• Southern
      Brazil soil moisture is decreasing, but remains favorable
    • Brazil’s
      Safrinha crops are maturing and being harvested in a favorable manner and the weather will continue to cooperate with that process
    • Summer
      crop harvesting in both Brazil and Argentina should advance with little weather related delay.
  • Europe
    is expecting a favorable mix of showers and sunshine along with seasonable temperatures during the next ten days
    • Some
      increase in rainfall is expected and will benefit recently stressed crops, but more rain will be needed
  • Russia,
    Ukraine, Belarus, Baltic States and northern Kazakhstan will experience a good mix of weather over the next ten days favoring normal crop development
  • India
    will experience generalized rain in central and northwestern parts of the nation today through the weekend with Madhya Pradesh and parts of Rajasthan wettest
    • A
      follow up rain event is expected Wednesday through Friday of next week that will impact Chhattisgarh, Madhya Pradesh and parts of Uttar Pradesh as well as southeastern Rajasthan and Haryana
    • Interior
      west-central through southern India will not get much rain during the next week to ten days and will need to be closely monitored for the lack of rain
  • China
    is expecting favorable weather in much of the nation
    • Moderate
      to heavy rain is likely in east-central and northeastern parts of the nation
    • Light
      rain is expected in north of the Yellow River, but the moisture will help to ease recent dryness and warm to hot temperatures
    • Xinjiang
      weather will be seasonable during the next ten days with temperatures a little milder than usual initially and then warmer biased in the second week of the outlook
    • Recent
      excessive rain in the south of China induced significant flooding in rice and sugarcane areas causing some decline in rice quality and delays in early rice harvesting
      • The
        situation should improve over the next ten days
  • Mainland
    areas of Southeast Asia will experience more frequent rainfall next week that may finally bring some relief to the drier areas in western Thailand and Myanmar, although the situation will need to be closely monitored
  • Indonesia
    and Malaysia rainfall will increase somewhat over the next ten days to two weeks offering some improvement to crop and field conditions after recent erratic rain and net drying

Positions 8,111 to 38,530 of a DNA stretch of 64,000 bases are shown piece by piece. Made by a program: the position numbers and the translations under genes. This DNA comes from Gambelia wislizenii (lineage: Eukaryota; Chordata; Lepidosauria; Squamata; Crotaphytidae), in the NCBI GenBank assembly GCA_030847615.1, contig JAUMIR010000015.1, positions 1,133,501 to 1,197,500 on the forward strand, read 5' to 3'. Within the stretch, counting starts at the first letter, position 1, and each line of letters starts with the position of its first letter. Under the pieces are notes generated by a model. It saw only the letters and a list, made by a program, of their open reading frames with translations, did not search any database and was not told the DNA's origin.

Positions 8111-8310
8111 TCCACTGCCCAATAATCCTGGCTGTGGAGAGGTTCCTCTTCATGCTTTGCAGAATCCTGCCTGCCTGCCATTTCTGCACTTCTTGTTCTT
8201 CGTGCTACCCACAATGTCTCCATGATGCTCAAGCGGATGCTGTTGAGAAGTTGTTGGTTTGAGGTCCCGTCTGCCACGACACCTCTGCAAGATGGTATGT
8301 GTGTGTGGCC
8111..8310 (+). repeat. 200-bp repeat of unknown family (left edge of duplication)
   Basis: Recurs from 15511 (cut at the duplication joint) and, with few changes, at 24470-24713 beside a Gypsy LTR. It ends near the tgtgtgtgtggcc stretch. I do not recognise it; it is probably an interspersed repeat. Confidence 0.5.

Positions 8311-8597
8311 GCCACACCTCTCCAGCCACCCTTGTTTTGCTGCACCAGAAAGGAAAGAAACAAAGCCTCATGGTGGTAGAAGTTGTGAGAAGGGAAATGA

• Philippines
    rainfall will continue favorably mixed for a while
  • No
    tropical cyclones are threatening the western Pacific Ocean, South China Sea or Indian Ocean today and none is expected for a while
  • Two
    tropical cyclones are expected to evolve off the Mexico west coast during the  coming week and both will either parallel the coast or move away from land
    • Some
      increase in southwestern Mexico rainfall I expected and that may lead to relief for sugarcane, citrus, coffee and a host of other crops
      • Some
        sorghum and corn planting will follow the rain
  • Other
    areas in Mexico will continue quite dry through the weekend with “some” increase in northwestern and north-central Mexico rain next week
    • Drought
      remains serious in parts of central, southern and western Mexico, but the developing monsoon will bring relief in July
  • Central
    America rainfall has been timely recently and mostly good for crops, although many areas are still reporting lighter than usual amounts
    • A
      boost in rainfall is expected over the next ten days
  • Drought
    continues to impact Gatlin lake and the Panama Canal shipments,  but some increase in precipitation is forthcoming
  • Eastern
    Australia is expecting rain early next week; including the dry areas of Queensland and northern New South Wales
    • Improved
      wheat and barley planting and establishment in unirrigated areas is expected
    • Sugarcane
      harvesting will be disrupted, but the moisture will be good for ongoing cane development
  • Southern
    Australia winter crops are rated favorable and expected to remain that way over the next two weeks as periodic rain and mild to cool weather impact those areas.
  • South
    Africa wheat, barley and canola areas will get some timely rainfall during the next week further supporting well-established crops
  • Remnants
    of Tropical Storm Cindy have “some” potential to redevelop over the western Atlantic Ocean, but the system will remain over open water and not threaten the United States